A collaborative approach to local and state regulatory change in tobacco laws with limited resources
Tuesday, November 5, 2013
Issues: Tobacco companies continue to employ new strategies and products to attract youth, while funding for state tobacco prevention and cessation programs are rapidly diminishing. Description: In response to budget cuts, Massachusetts Tobacco Cessation and Prevention Program (MTCP) focused its resources on a collaborative approach to combat tobacco industry tactics in the retail environment. The MTCP model uses a three pronged approach: the Boards of Health develop, implement and enforce local regulations; Community Partnership programs build relationships within the community and media to gain support for Board of Health initiatives; and the 84 youth program provides a strong and convincing voice in support of tobacco regulation. MTCP provides a unified message and evidence-based strategies for the three programs; the programs then use these tools to educate stakeholders in their respective municipalities in order to prompt local action and build momentum for change on the state level. Lessons Learned: Without cohesion among local programs responsible for regulatory change, the clear outlay of priorities, and the tailoring of standardized messages to support the priorities, local change is slow, incongruent and inefficient. It is important to provide local programs with the information and tools necessary to alter local climate in a consistent manner; toolkits, model regulations and informational webinars have been successfully used to achieve this end. Recommendations: To support statewide change with limited resources, Tobacco Control programs should map out local strategies, develop messaging around these strategies and educate stakeholders on utilizing these tools to achieve a critical mass of local regulations.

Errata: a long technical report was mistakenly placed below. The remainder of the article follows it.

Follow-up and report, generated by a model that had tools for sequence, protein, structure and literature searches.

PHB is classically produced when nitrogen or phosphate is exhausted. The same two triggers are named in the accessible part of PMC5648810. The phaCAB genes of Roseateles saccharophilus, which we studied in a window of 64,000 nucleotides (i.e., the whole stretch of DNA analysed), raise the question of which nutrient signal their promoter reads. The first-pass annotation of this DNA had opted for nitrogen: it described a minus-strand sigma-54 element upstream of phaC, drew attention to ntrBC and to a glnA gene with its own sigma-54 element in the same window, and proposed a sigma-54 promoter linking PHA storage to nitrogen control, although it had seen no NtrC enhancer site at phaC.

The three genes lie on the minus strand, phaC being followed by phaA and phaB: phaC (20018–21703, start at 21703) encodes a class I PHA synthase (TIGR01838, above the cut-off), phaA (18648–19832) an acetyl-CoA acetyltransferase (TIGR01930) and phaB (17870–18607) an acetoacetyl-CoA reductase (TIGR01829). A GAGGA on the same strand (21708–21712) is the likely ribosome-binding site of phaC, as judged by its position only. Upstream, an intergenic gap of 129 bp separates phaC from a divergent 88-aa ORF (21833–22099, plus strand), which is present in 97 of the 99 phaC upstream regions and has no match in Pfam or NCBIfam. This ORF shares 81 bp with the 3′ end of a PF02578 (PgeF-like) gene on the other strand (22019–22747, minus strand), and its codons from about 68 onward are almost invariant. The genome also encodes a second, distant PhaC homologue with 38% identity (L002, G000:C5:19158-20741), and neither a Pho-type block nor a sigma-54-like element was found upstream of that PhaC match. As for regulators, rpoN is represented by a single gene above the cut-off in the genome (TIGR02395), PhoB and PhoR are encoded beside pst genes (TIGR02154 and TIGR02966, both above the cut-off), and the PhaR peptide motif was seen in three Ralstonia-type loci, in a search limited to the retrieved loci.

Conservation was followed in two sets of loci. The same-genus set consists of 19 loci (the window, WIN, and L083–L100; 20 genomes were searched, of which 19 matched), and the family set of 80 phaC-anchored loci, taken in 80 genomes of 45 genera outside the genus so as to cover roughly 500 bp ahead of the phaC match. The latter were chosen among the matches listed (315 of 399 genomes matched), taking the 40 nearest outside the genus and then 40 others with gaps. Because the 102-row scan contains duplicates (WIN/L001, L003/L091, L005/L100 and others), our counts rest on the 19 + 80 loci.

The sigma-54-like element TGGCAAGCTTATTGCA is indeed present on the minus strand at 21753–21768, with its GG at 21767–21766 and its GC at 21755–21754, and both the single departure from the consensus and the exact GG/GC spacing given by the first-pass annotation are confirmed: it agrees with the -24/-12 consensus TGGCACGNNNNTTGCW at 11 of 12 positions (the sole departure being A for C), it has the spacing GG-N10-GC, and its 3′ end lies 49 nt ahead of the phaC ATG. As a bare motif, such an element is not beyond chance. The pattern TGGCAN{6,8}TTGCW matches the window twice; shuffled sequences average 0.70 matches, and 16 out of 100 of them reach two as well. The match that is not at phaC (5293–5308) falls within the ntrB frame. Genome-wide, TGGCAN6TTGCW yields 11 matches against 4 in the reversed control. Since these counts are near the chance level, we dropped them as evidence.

Public health or related organizational policy, standards, or other guidelines
Explain the approach taken by MTCP and establish how it has been effective in facilitating change on the local and state level. Explore the coordinated use of unified messages and strategies and analyze how that coordination results in amplified messages that support local change. Discuss the implications of reduced funding in the tobacco control environment, and how this model can maximize effectiveness.
Presenting author's disclosure statement:
Qualified on the content I am responsible for because: I have fifteen years experience working in tobacco control. I currently work at the state health department level where I oversee the all funded municipal and community tobacco programs. Prior to that, I worked at the local level in a municipal program and a community mobilization program. My past experience includes work in tobacco policy and enforcement, community mobilization, and community program development.
Any relevant financial relationships? No
I agree to comply with the American Public Health Association Conflict of Interest and Commercial Support Guidelines,
and to disclose to the participants any off-label or experimental uses of a commercial product or service discussed
in my presentation.